This is the seventh in a series of blog posts written by Elizabeth Williams, the daughter of Kathy Williams, director of communications for the Ursuline Sisters of Louisville. Elizabeth provides a fresh and witty travelogue of their trip to Peru September 29–October 13 2019.
Today was another adventurous day. We went to see some Inca ruins that are older than Manchu Picchu!! The name: Huaca Pucllana. Right in the middle of Lima city. It was built between 200-700 AD. And we got to walk on top of the pyramid!! Talk about wild. Jaqauline and Sonya accompanied us again. We’re pretty much BFFs now.
We were able to get a tour in English. However, the tour guide was not very attention grabbing and seemed to be a robot in human form. If you know me, you know history is not my strong suit. I think it is super interesting and fascinating, but it’s just like whenever someone starts talking to me about it, I zone out. It’s a problem. Especially, if they sound like a robot spewing memorized English info. No offense to our tour guide. So, I just kinda did my own thing on the tour- took photos and hung out in my own world. You know, the usual day in the life of Lizzy. I can’t really tell you anything our tour guide said. I know, I’m terrible. I got a lot of info from my Mom. Thank goodness she doesn’t have my problem of zoning out. She loves history and will literally read every plaque in a museum. She was in luck because there was a little museum to see after our tour. Another problem I have is reading history. Museums are hard for me. I have to reread something like 500 times and then even then I probably won’t remember what I just read. Y’all, it’s a real problem. Moral of the story: history and I don’t get along.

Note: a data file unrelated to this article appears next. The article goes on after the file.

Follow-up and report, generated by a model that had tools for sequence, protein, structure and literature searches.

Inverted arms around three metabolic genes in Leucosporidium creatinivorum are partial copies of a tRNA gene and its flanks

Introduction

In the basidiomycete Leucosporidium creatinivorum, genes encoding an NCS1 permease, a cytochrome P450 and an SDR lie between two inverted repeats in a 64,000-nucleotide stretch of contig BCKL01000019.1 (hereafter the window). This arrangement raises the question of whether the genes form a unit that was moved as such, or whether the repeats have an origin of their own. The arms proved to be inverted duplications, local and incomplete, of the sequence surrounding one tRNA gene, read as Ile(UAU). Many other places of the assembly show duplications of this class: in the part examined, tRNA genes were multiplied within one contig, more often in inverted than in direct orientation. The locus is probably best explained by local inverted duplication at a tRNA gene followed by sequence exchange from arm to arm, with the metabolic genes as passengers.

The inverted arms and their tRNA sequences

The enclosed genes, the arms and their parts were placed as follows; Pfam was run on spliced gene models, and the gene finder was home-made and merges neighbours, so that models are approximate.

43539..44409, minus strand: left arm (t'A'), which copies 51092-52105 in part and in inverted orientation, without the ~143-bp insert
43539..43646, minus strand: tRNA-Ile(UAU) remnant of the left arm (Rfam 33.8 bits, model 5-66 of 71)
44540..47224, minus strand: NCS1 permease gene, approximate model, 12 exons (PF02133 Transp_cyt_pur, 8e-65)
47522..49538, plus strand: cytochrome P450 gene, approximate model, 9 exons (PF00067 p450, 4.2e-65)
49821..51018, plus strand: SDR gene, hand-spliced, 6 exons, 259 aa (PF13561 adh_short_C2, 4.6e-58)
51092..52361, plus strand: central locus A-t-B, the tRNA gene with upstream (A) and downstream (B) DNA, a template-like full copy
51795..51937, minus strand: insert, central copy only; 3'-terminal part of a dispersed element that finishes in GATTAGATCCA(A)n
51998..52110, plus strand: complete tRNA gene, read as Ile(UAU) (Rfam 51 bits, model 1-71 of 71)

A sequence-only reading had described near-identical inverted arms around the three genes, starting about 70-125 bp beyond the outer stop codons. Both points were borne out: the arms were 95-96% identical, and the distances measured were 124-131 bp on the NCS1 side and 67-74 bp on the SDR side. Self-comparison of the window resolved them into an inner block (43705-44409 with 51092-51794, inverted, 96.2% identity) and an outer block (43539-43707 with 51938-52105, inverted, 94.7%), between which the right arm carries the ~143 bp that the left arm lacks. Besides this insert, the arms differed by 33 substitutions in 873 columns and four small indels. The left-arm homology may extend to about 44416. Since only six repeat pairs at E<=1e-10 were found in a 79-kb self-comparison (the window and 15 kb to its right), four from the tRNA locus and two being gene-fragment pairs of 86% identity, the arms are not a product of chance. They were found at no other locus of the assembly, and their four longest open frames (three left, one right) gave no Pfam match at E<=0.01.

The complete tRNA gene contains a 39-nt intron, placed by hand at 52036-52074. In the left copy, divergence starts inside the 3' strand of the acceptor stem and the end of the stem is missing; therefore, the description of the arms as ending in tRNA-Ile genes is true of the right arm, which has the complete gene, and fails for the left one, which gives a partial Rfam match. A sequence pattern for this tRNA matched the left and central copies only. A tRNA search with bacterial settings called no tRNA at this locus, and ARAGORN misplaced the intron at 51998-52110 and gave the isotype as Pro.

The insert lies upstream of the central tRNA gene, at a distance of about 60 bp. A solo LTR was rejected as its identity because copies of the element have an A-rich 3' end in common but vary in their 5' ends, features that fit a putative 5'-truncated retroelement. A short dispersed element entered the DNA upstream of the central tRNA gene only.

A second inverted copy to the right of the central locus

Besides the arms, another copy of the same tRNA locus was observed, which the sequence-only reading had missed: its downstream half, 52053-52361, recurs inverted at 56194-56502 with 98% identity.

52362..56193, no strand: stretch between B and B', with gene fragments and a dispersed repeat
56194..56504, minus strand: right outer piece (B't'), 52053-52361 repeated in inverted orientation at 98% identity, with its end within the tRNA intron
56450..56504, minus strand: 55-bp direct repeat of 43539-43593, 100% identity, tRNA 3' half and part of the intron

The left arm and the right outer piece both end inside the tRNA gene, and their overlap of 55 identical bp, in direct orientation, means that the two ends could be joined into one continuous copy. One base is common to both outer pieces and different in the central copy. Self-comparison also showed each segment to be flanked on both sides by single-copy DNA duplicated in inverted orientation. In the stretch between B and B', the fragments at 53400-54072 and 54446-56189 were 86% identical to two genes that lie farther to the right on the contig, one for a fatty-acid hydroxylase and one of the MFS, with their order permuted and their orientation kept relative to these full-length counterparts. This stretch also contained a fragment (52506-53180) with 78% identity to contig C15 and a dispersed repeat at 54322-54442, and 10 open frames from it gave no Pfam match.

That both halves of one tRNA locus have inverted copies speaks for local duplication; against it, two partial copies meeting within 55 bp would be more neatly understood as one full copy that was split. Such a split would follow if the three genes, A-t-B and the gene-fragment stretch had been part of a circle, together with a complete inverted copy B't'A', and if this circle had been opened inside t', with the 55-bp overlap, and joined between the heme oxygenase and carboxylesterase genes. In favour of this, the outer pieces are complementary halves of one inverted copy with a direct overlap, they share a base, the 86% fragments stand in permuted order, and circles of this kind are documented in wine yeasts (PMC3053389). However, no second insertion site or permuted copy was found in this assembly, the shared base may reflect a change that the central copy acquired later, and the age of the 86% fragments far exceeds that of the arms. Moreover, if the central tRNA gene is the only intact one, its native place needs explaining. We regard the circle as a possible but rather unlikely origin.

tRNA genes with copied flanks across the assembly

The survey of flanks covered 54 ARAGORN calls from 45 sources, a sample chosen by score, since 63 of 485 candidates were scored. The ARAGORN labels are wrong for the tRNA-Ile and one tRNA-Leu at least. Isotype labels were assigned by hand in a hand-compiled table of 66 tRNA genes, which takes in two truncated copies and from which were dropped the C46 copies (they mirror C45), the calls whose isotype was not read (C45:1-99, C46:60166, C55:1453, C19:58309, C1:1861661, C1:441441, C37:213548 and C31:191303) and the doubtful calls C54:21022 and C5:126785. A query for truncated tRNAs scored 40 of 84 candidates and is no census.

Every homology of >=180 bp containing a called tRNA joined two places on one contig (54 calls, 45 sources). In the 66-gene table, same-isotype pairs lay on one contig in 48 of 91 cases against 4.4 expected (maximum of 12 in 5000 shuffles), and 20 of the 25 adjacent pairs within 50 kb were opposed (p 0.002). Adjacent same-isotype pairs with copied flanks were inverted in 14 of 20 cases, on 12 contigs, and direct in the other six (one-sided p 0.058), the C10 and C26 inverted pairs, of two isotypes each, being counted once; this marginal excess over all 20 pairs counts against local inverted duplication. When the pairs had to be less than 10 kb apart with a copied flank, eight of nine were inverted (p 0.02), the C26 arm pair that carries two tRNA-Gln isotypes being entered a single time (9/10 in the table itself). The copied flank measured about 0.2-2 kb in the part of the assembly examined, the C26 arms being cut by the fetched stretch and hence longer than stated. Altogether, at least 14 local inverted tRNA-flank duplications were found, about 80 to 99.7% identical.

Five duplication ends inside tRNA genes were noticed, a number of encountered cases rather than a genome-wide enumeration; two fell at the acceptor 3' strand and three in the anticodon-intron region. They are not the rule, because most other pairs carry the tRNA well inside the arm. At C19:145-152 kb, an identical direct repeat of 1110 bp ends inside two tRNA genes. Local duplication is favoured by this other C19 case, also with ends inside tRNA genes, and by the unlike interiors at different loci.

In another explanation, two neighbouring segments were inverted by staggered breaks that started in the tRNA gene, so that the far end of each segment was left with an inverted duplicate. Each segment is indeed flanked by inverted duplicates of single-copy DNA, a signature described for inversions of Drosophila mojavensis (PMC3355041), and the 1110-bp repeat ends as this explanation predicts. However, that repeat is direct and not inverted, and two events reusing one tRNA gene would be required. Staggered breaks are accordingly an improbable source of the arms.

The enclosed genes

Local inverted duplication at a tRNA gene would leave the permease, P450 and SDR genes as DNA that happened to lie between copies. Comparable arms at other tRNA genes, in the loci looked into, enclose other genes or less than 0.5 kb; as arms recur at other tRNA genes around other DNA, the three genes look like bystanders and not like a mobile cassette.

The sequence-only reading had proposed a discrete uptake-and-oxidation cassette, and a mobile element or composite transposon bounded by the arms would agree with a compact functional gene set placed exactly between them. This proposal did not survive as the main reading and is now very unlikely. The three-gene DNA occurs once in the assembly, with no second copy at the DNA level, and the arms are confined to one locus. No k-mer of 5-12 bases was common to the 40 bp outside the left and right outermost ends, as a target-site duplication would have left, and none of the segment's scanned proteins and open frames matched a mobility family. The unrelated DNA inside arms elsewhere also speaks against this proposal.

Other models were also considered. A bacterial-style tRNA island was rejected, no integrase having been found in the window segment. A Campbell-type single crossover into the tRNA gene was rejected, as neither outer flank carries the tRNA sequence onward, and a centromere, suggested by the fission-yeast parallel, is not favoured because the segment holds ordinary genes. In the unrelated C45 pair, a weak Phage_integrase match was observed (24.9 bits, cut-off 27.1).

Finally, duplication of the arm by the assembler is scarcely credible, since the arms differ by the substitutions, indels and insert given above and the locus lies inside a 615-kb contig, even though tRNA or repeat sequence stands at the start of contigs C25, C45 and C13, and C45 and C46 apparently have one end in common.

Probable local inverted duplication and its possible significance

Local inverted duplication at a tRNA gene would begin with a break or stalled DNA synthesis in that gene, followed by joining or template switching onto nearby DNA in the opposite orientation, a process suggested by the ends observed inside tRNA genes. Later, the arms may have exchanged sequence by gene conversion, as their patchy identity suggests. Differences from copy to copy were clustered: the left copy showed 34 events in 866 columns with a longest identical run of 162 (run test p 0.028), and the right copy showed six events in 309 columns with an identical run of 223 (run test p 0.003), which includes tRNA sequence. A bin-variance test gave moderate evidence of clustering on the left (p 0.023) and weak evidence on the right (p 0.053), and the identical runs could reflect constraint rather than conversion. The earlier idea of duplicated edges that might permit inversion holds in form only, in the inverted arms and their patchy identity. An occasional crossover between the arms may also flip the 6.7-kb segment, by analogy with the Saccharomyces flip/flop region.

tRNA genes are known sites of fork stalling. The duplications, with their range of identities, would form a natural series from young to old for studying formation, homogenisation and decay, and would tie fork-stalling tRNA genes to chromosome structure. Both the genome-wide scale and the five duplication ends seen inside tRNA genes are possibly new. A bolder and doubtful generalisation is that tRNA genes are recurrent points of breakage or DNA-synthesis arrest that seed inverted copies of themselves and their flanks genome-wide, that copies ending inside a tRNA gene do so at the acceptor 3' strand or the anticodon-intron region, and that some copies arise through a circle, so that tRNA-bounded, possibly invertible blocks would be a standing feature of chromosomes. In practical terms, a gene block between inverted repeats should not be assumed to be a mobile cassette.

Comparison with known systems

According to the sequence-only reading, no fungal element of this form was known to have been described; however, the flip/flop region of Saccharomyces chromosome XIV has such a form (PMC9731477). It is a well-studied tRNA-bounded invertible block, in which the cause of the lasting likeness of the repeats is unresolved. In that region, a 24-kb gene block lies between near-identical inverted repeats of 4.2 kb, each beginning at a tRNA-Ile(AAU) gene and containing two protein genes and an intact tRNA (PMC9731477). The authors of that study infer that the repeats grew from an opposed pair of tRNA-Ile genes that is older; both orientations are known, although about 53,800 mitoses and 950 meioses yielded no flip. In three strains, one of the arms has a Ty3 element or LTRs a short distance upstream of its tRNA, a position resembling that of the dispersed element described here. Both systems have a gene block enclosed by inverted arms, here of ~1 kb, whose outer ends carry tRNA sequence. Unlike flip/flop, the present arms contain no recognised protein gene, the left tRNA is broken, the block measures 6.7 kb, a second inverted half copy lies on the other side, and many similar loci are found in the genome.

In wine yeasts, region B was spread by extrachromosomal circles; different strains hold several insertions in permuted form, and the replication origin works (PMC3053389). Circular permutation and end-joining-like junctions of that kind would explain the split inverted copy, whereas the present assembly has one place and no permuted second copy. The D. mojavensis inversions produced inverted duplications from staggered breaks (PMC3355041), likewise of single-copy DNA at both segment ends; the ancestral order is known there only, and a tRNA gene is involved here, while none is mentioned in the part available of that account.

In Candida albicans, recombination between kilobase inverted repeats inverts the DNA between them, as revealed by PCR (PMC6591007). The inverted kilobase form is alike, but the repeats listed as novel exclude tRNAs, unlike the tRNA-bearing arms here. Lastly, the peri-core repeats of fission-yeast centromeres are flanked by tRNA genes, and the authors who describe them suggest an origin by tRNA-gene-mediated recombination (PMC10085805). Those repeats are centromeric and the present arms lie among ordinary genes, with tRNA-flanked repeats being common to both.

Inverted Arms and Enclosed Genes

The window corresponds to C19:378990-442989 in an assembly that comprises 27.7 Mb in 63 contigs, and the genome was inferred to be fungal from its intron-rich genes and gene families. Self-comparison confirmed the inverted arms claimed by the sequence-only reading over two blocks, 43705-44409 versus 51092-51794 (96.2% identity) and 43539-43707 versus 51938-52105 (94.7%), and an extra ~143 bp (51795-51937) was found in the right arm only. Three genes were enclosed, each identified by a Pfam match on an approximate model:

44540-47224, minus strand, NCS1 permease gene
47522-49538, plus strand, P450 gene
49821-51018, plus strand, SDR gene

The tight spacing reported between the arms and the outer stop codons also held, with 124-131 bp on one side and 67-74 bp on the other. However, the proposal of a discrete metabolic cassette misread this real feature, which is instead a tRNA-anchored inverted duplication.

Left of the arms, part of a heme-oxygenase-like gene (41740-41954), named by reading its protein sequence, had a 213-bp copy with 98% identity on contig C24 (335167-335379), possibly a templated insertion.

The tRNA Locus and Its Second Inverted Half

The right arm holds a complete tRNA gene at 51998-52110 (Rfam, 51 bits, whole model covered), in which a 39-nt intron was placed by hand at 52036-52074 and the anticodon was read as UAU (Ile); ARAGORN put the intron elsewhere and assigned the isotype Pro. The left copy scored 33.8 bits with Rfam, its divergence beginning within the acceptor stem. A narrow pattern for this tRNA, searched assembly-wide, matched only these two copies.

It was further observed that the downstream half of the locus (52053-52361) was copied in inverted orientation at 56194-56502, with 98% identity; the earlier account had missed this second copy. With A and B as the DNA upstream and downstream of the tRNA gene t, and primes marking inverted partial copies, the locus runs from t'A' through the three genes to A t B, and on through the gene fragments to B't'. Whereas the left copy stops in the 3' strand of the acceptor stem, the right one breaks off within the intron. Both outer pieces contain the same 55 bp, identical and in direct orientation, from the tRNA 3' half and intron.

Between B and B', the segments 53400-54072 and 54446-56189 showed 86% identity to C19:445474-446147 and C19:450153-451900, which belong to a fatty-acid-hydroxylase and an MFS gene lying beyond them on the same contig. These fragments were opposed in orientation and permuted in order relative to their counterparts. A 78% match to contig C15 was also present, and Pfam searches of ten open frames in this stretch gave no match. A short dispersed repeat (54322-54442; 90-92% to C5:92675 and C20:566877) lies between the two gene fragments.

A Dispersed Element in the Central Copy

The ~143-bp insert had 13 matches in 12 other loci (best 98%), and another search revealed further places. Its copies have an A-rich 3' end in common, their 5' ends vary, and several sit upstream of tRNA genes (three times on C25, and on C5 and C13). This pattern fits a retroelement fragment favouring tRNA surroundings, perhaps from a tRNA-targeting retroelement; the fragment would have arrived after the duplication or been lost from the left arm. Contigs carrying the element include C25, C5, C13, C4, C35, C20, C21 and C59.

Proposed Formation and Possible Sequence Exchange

Anyways, the ruins were awesome- from what I saw, not heard. From my understanding this was a ceremonial ground. People would gather to celebrate fest days, discuss major events, and receive instructions from their political and religious leaders. Ok, yes I went back and looked at a photo I took in the museum of a paragraph explaining the ruins. See, I am terrible at history. I do remember that it was all adobe and they would sacrifice young women. Yikes. Also, since they were close to the sea they believed in a Sea God. Makes sense. They would have ceremonies where they would offer things to their God, like frogs, corn, and herbs… you know typical things like that..
The official language back then was Quechua. Sonya grew up speaking this language and can still speak it. How awesome is that?! She spoke some of it for us on Thursday. I loved listening to it. Sonya kept telling us a lot of what the guide was saying was not super valid. For instance, the tour guide was saying a certain area in the ruins was a kitchen. I told Sonya this and she was like no that’s wrong! She said the area was only used on special occasions to make certain drinks. I told her she needed to become a tour guide. She is very passionate about where she came from. She grew up in this culture of making adobe bricks. She said her family would make them and use cow poop as cement.